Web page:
Interoperability remains the foundation for advancing healthcare because, in today's value-based market, everyone is a stakeholder. To do what's best for patients, providers need to share critical information and coordinate care across the entire continuum, no matter which vendor they use to store their data.
What's next for interoperability
We'll see more open, connected systems as healthcare consumers demand access to data anytime, anywhere
PB: 2018 will be an important year for interoperability. We're seeing more clients use Fast Healthcare Interoperability Resources (FHIR®) apps to attest for meaningful use and engage with patients. As health information exchanges (HIEs), industry alliances and government entities discuss what it means to be interoperable, we will see more standards around provider-to-provider exchange of information. The final Trusted Exchange Framework and Common Agreement (also referred to as TEFCA) regulations will provide more clarity around consumer access to health information.
Allscripts has been committed to open, interoperable systems for a long time. In 2007, we launched a research and development group to focus on solving interoperability issues by using Application Programming Interfaces (APIs). Today, we continue to cultivate an ecosystem where consumers own their data and have access to the information that enables them to play a greater role in their own health.
PB: APIs enable different types of software to interact with each other, and they are quickly becoming central in the interoperability conversation. APIs make data more mobile in a simple and cost-effective way. This is particularly important as healthcare consumers demand more control over their information.
APIs should be open and enable providers to connect solutions, no matter which vendor created them or wants to connect. Only then will patients be able to access their data, and take it with them to other providers. Healthcare information should be as mobile as consumers.
Through our developer network, we've helped healthcare applications exchange data 3.6 billion times in just four years, and that rate continues to climb. Today, more than 7,600 third-party developers, representing more than 460 companies, work with Allscripts to deploy innovative solutions using FHIR and our open APIs. We have nearly 200 certified applications available through the company's application store.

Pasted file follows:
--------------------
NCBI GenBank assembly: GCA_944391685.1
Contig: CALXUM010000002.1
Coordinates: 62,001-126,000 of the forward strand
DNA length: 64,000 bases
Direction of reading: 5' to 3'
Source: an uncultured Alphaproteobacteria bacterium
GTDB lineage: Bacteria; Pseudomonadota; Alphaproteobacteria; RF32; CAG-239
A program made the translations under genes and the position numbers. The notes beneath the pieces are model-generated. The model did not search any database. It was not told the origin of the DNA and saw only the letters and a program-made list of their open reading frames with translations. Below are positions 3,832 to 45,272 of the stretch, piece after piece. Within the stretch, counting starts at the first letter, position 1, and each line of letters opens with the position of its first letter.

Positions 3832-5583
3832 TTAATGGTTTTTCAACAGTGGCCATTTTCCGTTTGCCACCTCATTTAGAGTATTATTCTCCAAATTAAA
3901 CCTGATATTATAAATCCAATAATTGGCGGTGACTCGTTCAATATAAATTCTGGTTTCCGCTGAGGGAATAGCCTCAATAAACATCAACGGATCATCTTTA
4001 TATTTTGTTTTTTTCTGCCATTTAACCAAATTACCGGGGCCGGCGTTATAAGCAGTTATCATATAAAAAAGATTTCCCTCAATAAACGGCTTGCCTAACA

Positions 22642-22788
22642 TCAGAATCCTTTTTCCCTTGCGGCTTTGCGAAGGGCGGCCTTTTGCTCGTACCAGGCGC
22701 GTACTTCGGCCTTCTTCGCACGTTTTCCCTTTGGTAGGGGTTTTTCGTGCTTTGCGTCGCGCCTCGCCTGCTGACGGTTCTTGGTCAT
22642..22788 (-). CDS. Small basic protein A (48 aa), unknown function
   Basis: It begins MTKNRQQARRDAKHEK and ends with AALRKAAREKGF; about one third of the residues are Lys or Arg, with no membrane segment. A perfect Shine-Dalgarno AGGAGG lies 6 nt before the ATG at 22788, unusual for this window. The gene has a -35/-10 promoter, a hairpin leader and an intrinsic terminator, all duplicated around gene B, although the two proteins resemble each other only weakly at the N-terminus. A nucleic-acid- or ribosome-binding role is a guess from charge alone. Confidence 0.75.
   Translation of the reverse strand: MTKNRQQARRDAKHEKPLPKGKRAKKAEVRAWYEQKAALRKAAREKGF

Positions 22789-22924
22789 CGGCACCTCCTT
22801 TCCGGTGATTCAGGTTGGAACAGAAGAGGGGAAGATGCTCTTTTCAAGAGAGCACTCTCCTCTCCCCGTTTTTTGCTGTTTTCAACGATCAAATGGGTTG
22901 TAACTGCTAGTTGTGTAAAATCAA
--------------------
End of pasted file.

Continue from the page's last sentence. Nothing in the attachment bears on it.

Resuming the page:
PB: Looking toward the future, challenges include emergency preparedness, cloud-based storage and widespread adoption of technology that enables interoperability. There's no question that the cloud-based technology will play a role as systems face with the untenable costs associated with natural disasters and emergency preparedness.
Hurricanes, tornadoes, Nor'easters and wildfires require the evacuation of critically ill patients with complex medical concerns, and it's important for medical information to follow each patient accordingly. There's no question that in five to ten years, most of the applications that hospitals access will be cloud-based.
PB: One of our clients has hospitals, clinics and urgent care clinics throughout the US, with several facilities in Texas and Florida. This client uses our dbMotion platform for data aggregation and semantic interoperability.
When the hurricanes hit Texas and Florida last year, the organization used dbMotion as part of its comprehensive evacuation plan to safely move patients and receive them in other hospitals. In Florida, for example, this organization uploaded 26,000 patient records overnight and within hours created an evacuation plan for all 30+ hospitals in the state. All of the patient records traveled with them electronically, so there were no gaps in care. This is the power of an interoperable system in the hands of exceptional caregivers.
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